Bedding Dye Fodder Insecticide Oil Repellent Shelterbelt Soil stabilizationPlants have an extensive root system and are also fairly wind tolerant, they can be planted as a windbreak and also to prevent soil erosion[200]. Resinous pustules on the plant contain 'amorpha', a contact and stomachic insecticide that also acts as an insect repellent[57, 200]. The stems are used as bedding[61]. The plant contains some indigo pigment and can be used to make a blue dye[169]. Unfortunately, the pigment is only present in very small quantities, there is not enough to harvest commercially[169].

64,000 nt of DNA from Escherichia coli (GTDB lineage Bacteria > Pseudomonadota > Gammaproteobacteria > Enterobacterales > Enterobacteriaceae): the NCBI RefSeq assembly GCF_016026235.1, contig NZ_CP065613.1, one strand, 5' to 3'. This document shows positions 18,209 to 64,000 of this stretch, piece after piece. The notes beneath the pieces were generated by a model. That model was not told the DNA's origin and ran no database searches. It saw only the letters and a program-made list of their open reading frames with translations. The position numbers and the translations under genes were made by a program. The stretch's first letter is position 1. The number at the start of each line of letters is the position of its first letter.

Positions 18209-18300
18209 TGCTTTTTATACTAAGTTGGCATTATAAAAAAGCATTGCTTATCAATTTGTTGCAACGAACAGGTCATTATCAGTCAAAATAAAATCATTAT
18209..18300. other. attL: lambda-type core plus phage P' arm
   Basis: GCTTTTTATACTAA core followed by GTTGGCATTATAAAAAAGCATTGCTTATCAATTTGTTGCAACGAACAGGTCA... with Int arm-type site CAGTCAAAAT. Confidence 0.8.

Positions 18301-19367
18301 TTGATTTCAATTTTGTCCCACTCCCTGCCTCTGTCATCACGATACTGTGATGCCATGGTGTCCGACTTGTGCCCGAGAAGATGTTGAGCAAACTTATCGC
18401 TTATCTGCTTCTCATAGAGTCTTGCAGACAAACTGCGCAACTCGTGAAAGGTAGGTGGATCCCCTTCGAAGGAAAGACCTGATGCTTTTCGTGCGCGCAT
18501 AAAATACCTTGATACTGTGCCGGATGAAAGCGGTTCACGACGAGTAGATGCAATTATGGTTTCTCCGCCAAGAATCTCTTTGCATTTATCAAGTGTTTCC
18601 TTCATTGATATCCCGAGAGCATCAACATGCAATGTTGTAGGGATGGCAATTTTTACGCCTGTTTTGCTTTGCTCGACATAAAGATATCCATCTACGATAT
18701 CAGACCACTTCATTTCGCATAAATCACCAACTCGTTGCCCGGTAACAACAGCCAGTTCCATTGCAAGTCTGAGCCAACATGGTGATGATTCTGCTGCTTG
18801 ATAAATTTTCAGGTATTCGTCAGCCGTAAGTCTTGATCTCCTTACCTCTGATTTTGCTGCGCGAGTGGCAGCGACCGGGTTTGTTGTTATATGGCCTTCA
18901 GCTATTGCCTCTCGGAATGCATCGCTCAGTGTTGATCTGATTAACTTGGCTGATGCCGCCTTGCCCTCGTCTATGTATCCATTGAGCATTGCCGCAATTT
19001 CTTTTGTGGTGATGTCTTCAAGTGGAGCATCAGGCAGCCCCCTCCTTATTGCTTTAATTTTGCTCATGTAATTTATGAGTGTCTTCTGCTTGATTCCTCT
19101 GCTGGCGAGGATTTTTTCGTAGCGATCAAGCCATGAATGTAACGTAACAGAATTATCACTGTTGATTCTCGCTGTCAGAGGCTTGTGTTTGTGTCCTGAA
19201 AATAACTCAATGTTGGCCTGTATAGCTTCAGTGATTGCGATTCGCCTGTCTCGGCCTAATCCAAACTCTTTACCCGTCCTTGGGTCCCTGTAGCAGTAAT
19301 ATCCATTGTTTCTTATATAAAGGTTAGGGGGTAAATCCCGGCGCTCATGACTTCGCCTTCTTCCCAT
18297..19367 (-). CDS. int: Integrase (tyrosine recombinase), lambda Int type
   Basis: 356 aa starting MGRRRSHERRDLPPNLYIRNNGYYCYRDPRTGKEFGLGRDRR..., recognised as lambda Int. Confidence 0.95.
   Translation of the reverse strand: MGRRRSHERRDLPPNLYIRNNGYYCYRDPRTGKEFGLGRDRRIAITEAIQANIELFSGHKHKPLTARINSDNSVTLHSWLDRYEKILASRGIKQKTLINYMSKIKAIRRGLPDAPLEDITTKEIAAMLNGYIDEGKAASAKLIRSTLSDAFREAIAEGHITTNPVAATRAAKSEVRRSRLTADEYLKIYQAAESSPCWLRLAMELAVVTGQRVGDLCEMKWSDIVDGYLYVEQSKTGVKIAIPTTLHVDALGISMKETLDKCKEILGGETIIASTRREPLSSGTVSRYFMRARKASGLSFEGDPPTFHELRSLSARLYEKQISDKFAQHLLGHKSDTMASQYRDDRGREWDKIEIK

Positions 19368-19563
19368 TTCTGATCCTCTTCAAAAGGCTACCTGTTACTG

In addition to amorfrutins other compounds present in A. fruticosa have been evaluated for their potential as antidiabetic agents. In this context, the effects of amorphastilbol (APH), another constituent from A. fruticosa, was studied in vitro with 3T3-L1 adipocytes, as well as in vivo with db/db and high-fat-diet (HFD) mice (Lee et al., 2013, 2015). It was observed that the compound is able to stimulate the transcriptional activities of PPARγ and PPARα, resulting in beneficial effects on the metabolism of lipids and glucose without significant side effects that are notoriously associated with stimulation of the PPAR receptors, such as weight gain or hepatomegaly. APH was also able to improve insulin sensitivity via inhibition of protein tyrosine phosphatase 1B (Lee et al., 2015).